The game was very easy to set up, with the different card types being very easy to tell apart. Your Policy Deck is made up of larger cards, 7 of which get laid out, face down, in the middle of the table, just below the game board, which tracks your time and difficulty level. The Time Deck sits just next to the board and determines the round length. It also contains cards that can reduce your Influence, halt the Filibuster, allow the play to continue, and sometimes help you out. But only the Senate Minority Leader (SML) interacts with this deck.

Just a few of the policies you’ll be voting on.

The game starts by choosing a player to be the SML – I chose Mr. Token because, well, it just seemed right. You deal each player four cards from the Action Deck, pass out some Influence tokens, a Voting token, an Aye/Nay token, a Reference card, and get moving.

The Senate Minority Leader (SML) starts off first, turning over a card from the Time Deck, and taking their turn…and turn order is where this game can get a little tricky. As board gamers, we’re pretty used to going around the table, but with this game, it’s different. After the SML takes their turn, it goes to the next player to the left. After their turn, the SML goes again. Play continues this way throughout the game. So basically, the SML takes every other turn, which can be hard to get used to so when choosing one, I suggest choosing someone that can remind the table that they go next. The SML is also the only player that can play the red-bordered action cards which add hours to the Filibuster Track, all other players play the blue-bordered cards which help manipulate the round in the Senators’ favor, and award Influence tokens.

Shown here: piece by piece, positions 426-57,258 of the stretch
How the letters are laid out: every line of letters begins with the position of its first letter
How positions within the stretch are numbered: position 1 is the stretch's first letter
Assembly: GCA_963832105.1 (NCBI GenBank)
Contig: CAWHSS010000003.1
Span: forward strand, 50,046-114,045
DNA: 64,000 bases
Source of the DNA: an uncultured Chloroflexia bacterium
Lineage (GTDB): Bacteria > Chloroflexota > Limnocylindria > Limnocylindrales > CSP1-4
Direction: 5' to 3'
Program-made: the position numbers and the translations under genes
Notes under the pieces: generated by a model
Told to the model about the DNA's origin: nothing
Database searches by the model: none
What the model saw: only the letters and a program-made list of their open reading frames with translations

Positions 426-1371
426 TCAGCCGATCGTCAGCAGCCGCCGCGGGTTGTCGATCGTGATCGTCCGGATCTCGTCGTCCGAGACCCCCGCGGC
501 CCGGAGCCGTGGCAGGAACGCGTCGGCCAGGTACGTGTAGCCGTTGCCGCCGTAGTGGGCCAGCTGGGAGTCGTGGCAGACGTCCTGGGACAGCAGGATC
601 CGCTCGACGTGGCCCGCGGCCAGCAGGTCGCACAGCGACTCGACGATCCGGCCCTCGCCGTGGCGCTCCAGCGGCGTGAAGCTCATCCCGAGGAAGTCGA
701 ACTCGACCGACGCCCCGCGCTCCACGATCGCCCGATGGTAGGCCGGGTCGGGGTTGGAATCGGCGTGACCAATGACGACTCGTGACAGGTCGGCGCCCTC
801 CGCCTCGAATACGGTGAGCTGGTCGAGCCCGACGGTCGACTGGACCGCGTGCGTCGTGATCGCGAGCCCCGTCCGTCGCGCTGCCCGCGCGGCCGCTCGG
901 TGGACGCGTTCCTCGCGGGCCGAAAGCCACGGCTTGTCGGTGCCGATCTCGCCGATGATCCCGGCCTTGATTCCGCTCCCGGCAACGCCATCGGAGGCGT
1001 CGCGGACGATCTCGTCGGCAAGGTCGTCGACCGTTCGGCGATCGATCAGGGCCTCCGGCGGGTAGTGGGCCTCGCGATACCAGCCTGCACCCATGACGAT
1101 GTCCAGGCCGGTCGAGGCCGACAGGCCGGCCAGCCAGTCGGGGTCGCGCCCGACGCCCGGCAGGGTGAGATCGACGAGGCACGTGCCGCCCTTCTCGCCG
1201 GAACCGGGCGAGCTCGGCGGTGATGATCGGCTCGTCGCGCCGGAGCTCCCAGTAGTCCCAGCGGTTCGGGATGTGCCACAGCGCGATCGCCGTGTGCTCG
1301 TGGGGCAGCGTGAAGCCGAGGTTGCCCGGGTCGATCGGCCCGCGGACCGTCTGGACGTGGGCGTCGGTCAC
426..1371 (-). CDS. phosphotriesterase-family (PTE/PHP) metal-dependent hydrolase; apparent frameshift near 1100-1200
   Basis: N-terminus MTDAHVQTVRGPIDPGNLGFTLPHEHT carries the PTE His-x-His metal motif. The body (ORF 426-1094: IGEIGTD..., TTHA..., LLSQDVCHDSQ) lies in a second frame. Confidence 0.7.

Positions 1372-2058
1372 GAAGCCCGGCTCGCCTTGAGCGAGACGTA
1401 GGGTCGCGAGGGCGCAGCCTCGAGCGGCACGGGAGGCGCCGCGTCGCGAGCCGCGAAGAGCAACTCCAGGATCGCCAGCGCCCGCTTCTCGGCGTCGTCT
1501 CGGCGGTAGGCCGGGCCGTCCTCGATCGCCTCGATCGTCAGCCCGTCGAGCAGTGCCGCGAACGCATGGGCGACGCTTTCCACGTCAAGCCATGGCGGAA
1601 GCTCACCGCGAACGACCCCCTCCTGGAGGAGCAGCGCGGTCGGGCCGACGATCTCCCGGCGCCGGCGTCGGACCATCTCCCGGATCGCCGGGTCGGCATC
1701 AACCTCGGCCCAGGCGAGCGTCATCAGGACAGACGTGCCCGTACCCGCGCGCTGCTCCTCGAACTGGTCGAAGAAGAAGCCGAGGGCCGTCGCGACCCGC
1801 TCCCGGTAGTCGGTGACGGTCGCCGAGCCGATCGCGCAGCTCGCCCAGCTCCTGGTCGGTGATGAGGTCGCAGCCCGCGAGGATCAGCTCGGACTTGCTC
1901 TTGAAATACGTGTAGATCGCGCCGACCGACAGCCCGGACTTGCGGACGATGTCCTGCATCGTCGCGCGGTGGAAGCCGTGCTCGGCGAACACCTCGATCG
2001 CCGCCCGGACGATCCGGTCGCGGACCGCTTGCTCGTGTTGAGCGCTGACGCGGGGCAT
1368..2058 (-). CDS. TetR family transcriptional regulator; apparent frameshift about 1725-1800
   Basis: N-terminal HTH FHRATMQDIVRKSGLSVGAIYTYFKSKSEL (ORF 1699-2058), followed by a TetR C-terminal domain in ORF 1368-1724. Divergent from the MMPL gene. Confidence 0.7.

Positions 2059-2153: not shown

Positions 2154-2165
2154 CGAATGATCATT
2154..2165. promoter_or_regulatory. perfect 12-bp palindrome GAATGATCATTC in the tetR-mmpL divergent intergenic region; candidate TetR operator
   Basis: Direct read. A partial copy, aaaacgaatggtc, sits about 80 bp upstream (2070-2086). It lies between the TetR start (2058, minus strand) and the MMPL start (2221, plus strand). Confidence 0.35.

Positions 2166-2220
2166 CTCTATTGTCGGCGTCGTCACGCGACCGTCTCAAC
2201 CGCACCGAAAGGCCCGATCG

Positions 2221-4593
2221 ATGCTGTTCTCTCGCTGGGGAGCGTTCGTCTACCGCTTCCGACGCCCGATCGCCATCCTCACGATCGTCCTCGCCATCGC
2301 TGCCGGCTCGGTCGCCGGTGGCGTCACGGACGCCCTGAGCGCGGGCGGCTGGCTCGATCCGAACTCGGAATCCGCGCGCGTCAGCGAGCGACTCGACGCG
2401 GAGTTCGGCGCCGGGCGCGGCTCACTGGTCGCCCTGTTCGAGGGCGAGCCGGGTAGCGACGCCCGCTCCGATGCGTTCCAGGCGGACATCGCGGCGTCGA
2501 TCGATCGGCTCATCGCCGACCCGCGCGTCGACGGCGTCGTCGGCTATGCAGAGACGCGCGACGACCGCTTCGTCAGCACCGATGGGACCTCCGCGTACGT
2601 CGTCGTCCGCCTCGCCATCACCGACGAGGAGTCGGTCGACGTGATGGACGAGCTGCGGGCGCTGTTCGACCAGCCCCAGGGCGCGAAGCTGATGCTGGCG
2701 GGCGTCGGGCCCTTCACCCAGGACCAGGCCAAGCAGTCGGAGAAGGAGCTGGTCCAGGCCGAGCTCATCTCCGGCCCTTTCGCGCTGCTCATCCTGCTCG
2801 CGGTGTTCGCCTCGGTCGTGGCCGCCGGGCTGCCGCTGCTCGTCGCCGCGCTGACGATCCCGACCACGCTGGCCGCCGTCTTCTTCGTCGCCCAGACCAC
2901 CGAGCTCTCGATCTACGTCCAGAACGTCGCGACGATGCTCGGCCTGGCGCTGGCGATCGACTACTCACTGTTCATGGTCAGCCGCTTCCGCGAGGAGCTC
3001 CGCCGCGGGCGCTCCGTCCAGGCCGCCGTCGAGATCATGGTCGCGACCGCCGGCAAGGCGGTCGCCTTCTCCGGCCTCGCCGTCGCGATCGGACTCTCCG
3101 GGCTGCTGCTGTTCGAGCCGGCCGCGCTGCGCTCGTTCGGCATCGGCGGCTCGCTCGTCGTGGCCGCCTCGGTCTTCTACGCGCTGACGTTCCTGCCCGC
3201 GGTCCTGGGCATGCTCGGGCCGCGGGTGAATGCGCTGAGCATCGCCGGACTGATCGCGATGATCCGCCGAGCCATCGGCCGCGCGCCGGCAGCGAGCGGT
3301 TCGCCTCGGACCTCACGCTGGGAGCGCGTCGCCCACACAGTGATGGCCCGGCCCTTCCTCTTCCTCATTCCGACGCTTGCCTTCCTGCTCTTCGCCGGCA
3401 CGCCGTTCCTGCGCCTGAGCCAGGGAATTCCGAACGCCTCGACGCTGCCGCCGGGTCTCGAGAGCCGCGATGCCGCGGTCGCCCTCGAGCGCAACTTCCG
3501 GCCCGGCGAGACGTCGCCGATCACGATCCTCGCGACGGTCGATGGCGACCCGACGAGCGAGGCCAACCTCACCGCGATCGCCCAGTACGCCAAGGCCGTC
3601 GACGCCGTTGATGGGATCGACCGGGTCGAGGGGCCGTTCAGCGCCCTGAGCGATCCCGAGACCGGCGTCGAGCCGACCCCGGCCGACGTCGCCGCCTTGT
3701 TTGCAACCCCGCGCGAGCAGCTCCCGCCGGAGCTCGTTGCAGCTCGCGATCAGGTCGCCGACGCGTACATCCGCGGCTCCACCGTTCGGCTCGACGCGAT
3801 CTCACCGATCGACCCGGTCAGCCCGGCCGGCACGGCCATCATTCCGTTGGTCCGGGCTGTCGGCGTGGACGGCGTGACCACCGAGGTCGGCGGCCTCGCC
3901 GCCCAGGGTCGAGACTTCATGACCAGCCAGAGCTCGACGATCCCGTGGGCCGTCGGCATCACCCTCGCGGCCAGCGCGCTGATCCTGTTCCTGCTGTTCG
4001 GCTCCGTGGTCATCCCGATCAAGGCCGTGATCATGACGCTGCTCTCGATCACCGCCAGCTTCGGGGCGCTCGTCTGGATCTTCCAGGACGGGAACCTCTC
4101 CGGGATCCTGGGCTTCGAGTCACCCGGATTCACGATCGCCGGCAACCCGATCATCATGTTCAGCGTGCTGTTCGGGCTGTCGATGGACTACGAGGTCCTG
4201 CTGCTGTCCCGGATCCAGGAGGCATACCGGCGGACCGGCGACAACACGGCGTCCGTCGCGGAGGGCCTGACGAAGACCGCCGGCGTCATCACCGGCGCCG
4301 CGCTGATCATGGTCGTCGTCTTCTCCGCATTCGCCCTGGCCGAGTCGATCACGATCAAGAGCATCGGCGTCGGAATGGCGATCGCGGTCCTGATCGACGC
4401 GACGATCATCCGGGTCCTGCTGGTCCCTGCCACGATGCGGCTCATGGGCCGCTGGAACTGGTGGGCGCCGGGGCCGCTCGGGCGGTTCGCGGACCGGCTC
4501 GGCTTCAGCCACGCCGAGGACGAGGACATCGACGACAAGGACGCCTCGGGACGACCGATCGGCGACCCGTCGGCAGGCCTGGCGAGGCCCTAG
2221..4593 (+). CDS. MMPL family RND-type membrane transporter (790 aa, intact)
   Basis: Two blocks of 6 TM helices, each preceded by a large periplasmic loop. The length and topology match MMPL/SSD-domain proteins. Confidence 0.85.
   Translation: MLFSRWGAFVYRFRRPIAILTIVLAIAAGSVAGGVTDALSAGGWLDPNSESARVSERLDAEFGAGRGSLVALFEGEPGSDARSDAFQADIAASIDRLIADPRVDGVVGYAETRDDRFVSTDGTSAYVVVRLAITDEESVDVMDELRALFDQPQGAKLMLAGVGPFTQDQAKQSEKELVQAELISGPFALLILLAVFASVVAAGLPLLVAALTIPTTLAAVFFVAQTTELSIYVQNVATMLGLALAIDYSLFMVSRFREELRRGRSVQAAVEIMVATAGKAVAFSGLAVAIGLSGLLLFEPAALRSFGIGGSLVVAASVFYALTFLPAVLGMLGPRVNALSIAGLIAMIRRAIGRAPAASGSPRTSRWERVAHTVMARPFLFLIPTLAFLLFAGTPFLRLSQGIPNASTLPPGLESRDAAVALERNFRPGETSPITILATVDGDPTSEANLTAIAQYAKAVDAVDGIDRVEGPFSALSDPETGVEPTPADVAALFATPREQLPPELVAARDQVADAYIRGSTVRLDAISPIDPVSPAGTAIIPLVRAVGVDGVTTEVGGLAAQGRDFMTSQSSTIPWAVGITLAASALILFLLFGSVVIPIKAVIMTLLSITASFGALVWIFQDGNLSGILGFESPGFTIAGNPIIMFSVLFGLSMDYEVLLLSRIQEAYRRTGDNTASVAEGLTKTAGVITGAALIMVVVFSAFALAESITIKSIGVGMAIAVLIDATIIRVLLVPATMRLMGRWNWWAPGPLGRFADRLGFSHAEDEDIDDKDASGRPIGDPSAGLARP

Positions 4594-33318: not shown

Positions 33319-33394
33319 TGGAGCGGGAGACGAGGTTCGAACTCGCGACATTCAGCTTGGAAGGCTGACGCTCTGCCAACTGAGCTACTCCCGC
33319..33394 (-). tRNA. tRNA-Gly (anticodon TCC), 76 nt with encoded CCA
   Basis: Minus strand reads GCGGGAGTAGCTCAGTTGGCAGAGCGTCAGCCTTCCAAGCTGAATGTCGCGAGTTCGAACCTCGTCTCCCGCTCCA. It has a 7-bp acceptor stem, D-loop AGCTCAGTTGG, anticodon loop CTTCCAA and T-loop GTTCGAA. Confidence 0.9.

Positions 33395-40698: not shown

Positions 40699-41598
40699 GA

The Win/Lose condition of this game is if you can successfully block four (or more) out of the 7 policies. If you all can block four or more, the player with the most Influence tokens is declared the winner of the game.

The game took a little bit to get used to because of the turn order, and figuring out the Time Track, so we did do a quick run-through round to test it, just to make sure we were doing it right before playing through the entire game. We had some confusion, but, it wasn’t anything that wasn’t easily clarified by the rule book. Everyone was able to grasp the game, and the concept, including the Padawan, so the recommended age of 10+ that’s on the box is pretty accurate. (He just wanted all the tokens…don’t be fooled! lol).

Yes, this is a political game. Political games are not for everyone, but this game has very little slant to it. There is a little here and there, but it’s nothing to take to heart no matter what side of the fence you’re on. It has so many fun elements to it, and fun illustrations, that you really could probably play it with anyone and they’d have fun with it. I have friends that are all over the political spectrum, and I wouldn’t hesitate to pull this game out and play it with any of them, at all!

The creator definitely thought outside-the-box with this one with the way the cards and turn orders are played, and it keeps you on your toes. You have to pay attention, but not so much that you don’t have fun doing it. I mean, we all had a great laugh every time someone had to say “It’s not your turn yet!” (most of which was aimed at me lol).